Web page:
Sellers are debating the impact of emails eBay sends to shoppers that highlight free return shipping. The discussion began when a seller vented on an eBay discussion board
about an email they received on Wednesday.
"To send out mass emails asking buyers to return Items before they have even purchased them? I'm being bombarded by emails asking me to buy items simply so I can return them and not pay for them."
Not everyone agreed with that premise, however. "Maybe I'm missing something, but I don't see where buyers are being asked to return things," a seller replied. "It's a marketing message, nothing more. Free return shipping is a selling point for a lot of buyers. I don't know of anyone who buys something with the sole intent of returning it, but they do consider a seller's return policy before buying."
The original poster included a screenshot of the email they received - it featured a thumbnail picture of an item they had recently viewed with a link to "View Item" along with the message: "The seller offers free return shipping on this item."
A seller who also found the emails problematic wrote: "This email is encouraging free inspections of items to decide if they want the item. I have even had buyers tell me that they wear some of the jewelry to parties and then return it at my cost."
But another seller saw the value in encouraging shoppers who had viewed a seller's listing without buying: "That does not look like they sent a message to buyer suggesting they return their items. It looks like you viewed an item and did not purchase it. The message also looks like they are trying to get you to make a purchase by telling you if there is a problem the seller takes returns. So perhaps you might be persuaded to buy the item if you were on the fence about purchasing it. It is not like they said, hey buyer please send this item back so the seller can not keep the money. If they did that, they would lose the final value fees."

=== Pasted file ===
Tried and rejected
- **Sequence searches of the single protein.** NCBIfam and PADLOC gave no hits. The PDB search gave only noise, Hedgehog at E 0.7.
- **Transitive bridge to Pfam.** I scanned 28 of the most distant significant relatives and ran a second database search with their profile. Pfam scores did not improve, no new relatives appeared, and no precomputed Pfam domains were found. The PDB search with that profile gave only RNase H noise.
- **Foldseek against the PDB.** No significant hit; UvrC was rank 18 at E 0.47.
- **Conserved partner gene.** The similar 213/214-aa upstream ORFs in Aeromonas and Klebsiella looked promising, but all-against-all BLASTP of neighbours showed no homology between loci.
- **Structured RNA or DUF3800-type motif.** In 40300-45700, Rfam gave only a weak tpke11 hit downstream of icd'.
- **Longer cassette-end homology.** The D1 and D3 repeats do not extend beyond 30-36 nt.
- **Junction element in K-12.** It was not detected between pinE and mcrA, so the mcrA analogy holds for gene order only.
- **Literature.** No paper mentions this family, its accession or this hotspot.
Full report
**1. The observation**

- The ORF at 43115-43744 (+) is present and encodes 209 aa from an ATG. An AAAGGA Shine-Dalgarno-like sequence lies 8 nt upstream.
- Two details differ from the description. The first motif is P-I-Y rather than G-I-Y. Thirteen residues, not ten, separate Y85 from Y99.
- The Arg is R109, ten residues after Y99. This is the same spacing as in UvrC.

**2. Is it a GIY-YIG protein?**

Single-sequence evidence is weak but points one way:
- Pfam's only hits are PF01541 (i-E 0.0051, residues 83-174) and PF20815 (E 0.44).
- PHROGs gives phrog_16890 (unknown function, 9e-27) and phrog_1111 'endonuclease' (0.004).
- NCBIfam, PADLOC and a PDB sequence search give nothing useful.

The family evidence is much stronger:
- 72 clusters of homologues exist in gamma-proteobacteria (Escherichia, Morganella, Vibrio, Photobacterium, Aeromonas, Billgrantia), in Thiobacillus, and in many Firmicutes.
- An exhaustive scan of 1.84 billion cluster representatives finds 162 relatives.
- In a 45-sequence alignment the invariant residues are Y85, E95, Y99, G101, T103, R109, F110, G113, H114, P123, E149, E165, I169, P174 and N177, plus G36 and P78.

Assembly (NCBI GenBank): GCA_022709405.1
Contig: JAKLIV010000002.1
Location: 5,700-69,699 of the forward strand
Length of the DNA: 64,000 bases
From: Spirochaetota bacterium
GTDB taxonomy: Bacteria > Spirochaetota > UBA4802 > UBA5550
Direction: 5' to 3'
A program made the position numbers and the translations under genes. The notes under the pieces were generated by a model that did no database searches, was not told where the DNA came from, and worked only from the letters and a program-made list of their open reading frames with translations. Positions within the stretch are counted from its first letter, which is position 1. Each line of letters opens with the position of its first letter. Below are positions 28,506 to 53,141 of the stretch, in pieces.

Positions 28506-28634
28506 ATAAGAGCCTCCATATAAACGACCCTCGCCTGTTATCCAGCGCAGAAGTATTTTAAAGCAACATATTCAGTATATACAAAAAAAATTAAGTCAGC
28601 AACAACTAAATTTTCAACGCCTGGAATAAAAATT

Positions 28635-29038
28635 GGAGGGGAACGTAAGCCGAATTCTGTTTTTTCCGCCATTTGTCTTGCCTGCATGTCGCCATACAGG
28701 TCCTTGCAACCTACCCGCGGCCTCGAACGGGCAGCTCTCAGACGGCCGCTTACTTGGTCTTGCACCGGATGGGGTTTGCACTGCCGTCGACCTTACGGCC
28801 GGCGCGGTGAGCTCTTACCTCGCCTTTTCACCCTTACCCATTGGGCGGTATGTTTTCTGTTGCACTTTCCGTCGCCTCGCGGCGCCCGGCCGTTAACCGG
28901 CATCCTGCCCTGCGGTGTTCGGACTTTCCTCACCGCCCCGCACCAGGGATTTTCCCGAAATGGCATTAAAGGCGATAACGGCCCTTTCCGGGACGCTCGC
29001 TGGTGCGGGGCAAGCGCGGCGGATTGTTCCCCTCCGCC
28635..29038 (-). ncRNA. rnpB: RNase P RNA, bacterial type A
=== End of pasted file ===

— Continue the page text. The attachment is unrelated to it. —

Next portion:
Knowing they can return an item may indeed get shoppers to hit the buy button - and what seller doesn't want more sales?
On the other hand, returns can present a hardship to sellers depending on the profit margin and the size and weight of the item being returned, especially as shipping costs continue to increase. But it's not just about the cost of return shipping. Sellers must worry about items not being returned in the same condition.
And now that PayPal no longer refunds payment processing fees for returns, it's becoming even more costly for sellers when finicky shoppers return goods.
Do you think sellers should be allowed to make the decision on a case-by-case basis on whether eBay sends such emails to customers who have looked at their items but haven't purchased? What would you focus on in reminder notices to shoppers?